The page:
The Birth of Breast Cancer; Do Adult Diseases Start in the Womb?

By Fackelmann, Kathleen | Science News, February 15, 1997 | Go to article overview

The Birth of Breast Cancer; Do Adult Diseases Start in the Womb?


Fackelmann, Kathleen, Science News


Epidemiologist Dimitrios Trichopoulos, puzzling over why women develop breast cancer, focused on various factors before homing in on a chemical that appeared to operate in a surprising environment many years earlier.

That chemical is the natural hormone estrogen, which may have set the stage for cancer while the women were still in the womb, says Trichopoulos of the Harvard School of Public Health in Boston.

Invasive breast cancer strikes about 180,000 women in the United States each year. It is the most common cancer among U.S. women. Known risk factors, such as a family history of the disease, early menarche, or a first live birth after age 30, account for only a small portion of cases. What's behind the high frequency of this disease in the U.S. population?

Over the years, scientists have blamed and exonerated many factors, including a high-fat diet and abortion, but none has proved the central villain in the story of breast cancer.

New research is drawing attention to the beginning of a woman's life. Trichopoulos and others now believe that some factor within the uterus programs fetal cells for the development of cancer decades later.

"It is a provocative hypothesis-one that needs to be explored further," comments Louise A. Brinton, chief of the environmental epidemiology branch of the National Cancer Institute in Bethesda, Md.

Breast cancer is not the only disease scientists think may be linked to the intrauterine environment. A spate of recent reports suggests that conditions in the womb may play a role in the risk of prostate cancer, heart disease, diabetes, high blood pressure, and other chronic diseases. Such ailments don't appear until the fifth, sixth, or even seventh decade of life.

In the 1980s, Trichopoulos had been trying to figure out why, despite advances in treatment, breast cancer continued to cut a wide swath among U.S. women.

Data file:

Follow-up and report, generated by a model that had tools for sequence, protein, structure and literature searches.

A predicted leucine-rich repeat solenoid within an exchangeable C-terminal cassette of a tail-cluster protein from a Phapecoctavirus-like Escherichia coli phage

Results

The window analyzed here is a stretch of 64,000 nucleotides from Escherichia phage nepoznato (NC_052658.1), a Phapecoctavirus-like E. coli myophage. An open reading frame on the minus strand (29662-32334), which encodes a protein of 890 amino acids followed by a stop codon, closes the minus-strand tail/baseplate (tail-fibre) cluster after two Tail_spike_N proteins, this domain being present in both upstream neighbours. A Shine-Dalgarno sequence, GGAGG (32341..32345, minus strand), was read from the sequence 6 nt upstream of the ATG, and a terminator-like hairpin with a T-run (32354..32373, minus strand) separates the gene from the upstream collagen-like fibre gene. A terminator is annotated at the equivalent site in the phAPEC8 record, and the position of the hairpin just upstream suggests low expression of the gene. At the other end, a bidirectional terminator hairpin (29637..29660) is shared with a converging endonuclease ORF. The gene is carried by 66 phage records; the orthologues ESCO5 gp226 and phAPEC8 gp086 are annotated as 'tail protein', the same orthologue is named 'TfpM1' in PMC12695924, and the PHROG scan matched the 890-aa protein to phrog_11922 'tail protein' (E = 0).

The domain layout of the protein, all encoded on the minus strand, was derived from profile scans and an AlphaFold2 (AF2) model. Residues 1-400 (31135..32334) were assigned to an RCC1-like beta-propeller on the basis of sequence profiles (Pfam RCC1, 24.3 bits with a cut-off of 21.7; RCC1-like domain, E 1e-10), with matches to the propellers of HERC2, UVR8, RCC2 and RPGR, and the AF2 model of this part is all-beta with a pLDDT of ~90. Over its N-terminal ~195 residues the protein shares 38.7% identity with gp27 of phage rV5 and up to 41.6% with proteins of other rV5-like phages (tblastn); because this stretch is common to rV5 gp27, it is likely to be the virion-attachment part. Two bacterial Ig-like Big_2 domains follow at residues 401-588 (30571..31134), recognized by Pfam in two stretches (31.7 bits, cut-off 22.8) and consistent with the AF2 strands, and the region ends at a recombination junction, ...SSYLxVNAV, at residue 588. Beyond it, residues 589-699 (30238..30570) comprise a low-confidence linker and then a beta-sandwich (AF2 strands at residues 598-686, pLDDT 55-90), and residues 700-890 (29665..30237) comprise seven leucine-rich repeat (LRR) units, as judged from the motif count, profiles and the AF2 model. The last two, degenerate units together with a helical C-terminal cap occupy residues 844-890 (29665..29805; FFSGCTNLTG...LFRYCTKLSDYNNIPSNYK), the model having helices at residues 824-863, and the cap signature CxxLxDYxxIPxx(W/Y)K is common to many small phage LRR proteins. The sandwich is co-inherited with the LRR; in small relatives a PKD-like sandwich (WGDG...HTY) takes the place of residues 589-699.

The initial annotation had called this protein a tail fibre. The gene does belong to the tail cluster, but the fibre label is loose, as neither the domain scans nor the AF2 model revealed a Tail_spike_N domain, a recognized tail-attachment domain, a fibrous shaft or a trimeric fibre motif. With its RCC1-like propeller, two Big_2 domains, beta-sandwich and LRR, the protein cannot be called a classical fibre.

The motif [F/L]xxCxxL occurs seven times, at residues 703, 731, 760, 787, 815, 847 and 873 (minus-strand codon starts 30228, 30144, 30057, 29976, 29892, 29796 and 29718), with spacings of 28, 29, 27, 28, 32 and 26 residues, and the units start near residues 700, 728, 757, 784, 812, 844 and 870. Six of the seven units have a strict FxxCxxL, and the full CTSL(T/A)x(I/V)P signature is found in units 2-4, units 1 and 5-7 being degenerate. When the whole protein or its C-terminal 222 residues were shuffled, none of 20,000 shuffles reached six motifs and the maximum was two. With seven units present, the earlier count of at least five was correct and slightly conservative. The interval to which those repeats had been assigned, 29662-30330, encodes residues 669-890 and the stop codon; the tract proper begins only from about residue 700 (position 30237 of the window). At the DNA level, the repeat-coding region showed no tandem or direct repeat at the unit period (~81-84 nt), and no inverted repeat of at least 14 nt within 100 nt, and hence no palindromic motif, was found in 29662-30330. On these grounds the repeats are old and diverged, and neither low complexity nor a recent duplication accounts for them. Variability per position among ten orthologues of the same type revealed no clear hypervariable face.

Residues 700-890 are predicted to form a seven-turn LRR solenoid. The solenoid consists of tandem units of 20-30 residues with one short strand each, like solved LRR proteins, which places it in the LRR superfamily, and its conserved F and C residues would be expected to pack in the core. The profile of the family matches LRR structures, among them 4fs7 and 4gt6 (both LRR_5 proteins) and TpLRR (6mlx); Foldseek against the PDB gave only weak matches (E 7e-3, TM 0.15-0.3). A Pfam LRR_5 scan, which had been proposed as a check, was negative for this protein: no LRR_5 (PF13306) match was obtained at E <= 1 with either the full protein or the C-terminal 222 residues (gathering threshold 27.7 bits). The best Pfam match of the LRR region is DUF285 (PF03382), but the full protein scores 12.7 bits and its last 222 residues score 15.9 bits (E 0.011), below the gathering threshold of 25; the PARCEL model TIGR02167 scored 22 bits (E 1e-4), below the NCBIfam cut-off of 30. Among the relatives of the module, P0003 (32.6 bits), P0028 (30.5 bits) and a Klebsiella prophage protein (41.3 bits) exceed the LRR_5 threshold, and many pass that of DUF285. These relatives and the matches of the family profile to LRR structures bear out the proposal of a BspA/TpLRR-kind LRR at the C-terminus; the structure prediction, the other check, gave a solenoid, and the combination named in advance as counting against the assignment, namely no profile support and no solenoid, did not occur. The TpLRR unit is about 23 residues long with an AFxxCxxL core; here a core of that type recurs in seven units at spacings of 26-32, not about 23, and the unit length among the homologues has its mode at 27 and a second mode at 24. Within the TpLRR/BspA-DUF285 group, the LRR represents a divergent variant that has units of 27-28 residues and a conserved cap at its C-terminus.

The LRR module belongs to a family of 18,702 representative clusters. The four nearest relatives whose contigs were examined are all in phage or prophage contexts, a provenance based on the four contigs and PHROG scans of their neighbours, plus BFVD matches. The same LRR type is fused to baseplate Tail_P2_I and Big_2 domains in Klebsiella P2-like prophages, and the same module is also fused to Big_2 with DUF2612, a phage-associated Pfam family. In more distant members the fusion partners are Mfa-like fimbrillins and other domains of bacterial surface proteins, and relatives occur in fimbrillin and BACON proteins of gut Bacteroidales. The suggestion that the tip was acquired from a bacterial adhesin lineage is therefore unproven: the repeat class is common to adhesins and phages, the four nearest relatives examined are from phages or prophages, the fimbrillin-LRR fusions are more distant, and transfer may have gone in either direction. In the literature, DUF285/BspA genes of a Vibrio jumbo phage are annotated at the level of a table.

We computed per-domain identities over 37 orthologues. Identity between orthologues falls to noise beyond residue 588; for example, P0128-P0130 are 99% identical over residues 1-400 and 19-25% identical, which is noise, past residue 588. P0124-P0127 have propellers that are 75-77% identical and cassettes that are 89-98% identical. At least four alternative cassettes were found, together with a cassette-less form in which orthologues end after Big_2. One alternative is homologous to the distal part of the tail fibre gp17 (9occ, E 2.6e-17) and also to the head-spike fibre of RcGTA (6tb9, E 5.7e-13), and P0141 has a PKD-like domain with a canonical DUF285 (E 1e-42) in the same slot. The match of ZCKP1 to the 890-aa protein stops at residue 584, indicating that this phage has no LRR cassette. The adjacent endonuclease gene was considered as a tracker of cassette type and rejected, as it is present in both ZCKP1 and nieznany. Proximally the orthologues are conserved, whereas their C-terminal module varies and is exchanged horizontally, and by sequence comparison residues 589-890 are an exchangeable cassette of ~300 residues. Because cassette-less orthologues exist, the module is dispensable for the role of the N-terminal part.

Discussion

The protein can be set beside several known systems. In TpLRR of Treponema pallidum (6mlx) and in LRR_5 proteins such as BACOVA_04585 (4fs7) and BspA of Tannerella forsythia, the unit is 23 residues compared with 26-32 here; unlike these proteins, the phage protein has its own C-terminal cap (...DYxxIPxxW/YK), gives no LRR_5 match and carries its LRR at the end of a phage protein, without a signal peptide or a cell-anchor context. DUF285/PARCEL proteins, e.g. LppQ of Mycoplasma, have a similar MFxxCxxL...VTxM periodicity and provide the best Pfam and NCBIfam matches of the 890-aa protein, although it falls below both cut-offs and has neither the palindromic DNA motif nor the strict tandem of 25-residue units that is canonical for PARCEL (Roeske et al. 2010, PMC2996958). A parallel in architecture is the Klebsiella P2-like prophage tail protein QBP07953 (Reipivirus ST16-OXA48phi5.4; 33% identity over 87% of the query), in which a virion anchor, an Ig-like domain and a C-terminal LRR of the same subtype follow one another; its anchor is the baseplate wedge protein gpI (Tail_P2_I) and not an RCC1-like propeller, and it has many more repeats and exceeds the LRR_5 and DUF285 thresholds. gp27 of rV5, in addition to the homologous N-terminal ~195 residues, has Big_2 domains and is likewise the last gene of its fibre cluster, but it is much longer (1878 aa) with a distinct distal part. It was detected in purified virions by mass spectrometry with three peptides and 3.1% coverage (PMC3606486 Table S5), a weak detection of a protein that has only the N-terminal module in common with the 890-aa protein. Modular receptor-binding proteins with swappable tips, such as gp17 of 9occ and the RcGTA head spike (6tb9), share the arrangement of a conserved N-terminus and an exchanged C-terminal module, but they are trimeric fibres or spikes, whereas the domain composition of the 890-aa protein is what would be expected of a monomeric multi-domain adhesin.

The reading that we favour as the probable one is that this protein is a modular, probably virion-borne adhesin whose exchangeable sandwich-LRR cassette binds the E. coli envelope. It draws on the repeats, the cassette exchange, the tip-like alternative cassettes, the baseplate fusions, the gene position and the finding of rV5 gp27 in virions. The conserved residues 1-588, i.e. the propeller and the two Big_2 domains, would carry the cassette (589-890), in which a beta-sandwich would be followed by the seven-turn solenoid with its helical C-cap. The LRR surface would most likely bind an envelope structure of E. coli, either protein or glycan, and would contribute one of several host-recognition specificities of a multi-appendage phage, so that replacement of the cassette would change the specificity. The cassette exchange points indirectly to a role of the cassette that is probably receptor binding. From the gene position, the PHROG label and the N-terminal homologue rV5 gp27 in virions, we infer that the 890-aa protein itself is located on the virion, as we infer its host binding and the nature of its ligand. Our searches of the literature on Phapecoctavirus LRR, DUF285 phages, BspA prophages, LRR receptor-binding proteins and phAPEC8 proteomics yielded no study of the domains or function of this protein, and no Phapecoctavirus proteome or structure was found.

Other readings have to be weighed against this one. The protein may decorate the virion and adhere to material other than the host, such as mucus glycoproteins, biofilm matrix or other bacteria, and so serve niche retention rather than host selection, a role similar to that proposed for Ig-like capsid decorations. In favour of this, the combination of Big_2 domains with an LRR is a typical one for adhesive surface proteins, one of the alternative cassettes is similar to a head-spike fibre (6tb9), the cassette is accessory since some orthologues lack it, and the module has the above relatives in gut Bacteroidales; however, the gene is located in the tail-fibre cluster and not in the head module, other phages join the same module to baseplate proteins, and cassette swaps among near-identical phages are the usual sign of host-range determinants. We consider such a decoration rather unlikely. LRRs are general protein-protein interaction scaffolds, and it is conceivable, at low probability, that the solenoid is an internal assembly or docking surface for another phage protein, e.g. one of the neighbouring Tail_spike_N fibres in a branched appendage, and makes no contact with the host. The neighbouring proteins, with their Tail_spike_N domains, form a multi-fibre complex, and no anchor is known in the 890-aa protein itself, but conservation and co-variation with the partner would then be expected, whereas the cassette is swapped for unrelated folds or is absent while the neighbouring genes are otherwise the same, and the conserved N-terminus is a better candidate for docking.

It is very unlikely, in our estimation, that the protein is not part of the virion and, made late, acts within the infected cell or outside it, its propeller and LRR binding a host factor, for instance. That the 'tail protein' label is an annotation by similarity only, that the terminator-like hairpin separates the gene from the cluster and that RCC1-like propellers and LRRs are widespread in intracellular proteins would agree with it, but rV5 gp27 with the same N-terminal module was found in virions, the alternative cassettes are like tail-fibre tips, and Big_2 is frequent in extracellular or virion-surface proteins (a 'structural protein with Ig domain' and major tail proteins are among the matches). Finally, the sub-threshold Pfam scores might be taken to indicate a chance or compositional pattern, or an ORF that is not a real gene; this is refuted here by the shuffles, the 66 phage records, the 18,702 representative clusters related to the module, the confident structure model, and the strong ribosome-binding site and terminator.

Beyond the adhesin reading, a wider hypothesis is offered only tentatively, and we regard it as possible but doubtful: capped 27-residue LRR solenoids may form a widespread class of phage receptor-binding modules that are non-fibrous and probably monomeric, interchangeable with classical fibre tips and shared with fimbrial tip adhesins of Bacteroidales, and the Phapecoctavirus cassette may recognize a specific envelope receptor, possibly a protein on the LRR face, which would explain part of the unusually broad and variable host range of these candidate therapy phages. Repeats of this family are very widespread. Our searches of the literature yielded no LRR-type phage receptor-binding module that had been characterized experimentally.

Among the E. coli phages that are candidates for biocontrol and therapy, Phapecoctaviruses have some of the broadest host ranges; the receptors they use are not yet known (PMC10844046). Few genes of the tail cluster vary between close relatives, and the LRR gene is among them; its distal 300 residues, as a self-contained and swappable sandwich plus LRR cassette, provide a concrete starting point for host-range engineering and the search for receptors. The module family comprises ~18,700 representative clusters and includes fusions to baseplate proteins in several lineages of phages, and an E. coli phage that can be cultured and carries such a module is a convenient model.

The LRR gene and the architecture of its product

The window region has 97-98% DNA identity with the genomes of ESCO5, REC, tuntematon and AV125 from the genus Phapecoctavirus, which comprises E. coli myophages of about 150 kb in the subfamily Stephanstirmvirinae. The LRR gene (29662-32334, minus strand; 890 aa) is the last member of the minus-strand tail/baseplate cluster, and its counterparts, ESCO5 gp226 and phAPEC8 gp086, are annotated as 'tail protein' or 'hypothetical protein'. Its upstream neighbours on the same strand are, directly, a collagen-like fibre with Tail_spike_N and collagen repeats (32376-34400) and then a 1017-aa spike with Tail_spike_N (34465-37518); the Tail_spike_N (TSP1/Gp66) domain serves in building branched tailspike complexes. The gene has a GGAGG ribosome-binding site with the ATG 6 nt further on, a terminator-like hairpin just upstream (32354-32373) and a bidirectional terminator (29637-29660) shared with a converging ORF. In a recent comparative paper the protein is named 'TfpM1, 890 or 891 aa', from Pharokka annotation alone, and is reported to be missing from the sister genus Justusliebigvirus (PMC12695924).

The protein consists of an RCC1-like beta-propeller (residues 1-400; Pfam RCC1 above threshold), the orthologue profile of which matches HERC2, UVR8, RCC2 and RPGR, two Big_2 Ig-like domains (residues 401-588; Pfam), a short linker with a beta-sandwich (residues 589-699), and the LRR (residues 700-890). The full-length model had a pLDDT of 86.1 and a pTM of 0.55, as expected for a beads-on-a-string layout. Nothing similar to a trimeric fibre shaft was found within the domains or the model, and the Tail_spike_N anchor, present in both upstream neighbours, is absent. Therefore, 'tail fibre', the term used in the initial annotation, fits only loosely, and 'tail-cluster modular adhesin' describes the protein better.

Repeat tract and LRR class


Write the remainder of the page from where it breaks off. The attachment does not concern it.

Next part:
He knew that cells, including mammary cells, face the highest risk of cancer before they become specialized for a specific function. Once a breast cell is specialized for, say, milk production, it is relatively resistant to cancer. Yet some breast cells remain largely immature until puberty or even a woman's first pregnancy. While other researchers looked for the genesis of breast cancer in the teenage years or during a first pregnancy, Trichopoulos went back even further-to the immature breast cells of the fetus.

Trichopoulos also knew that the female sex hormone estrogen fuels the growth of breast cells. Rapidly dividing cells are at greater risk of genetic error, which can lead to cancer. Indeed, some researchers believe that postmenopausal women who take estrogen alone, rather than a combination of hormones, face a higher-than-average risk of breast cancer.

Putting these two ideas together in the April 21, 1990 Lancet, Trichopoulos suggested that high concentrations of estrogen circulating in a mother's womb may increase her daughter's subsequent risk of getting breast cancer.

"If it turns out to be right, it will be an important advance, " Trichopoulos says. "We feel confident that something is happening during the perinatal period."

He is the first to admit that many questions remain about estrogen's role in the womb. Moreover, the hormone is just one of many players that could influence the mammary cells of the fetus, he says.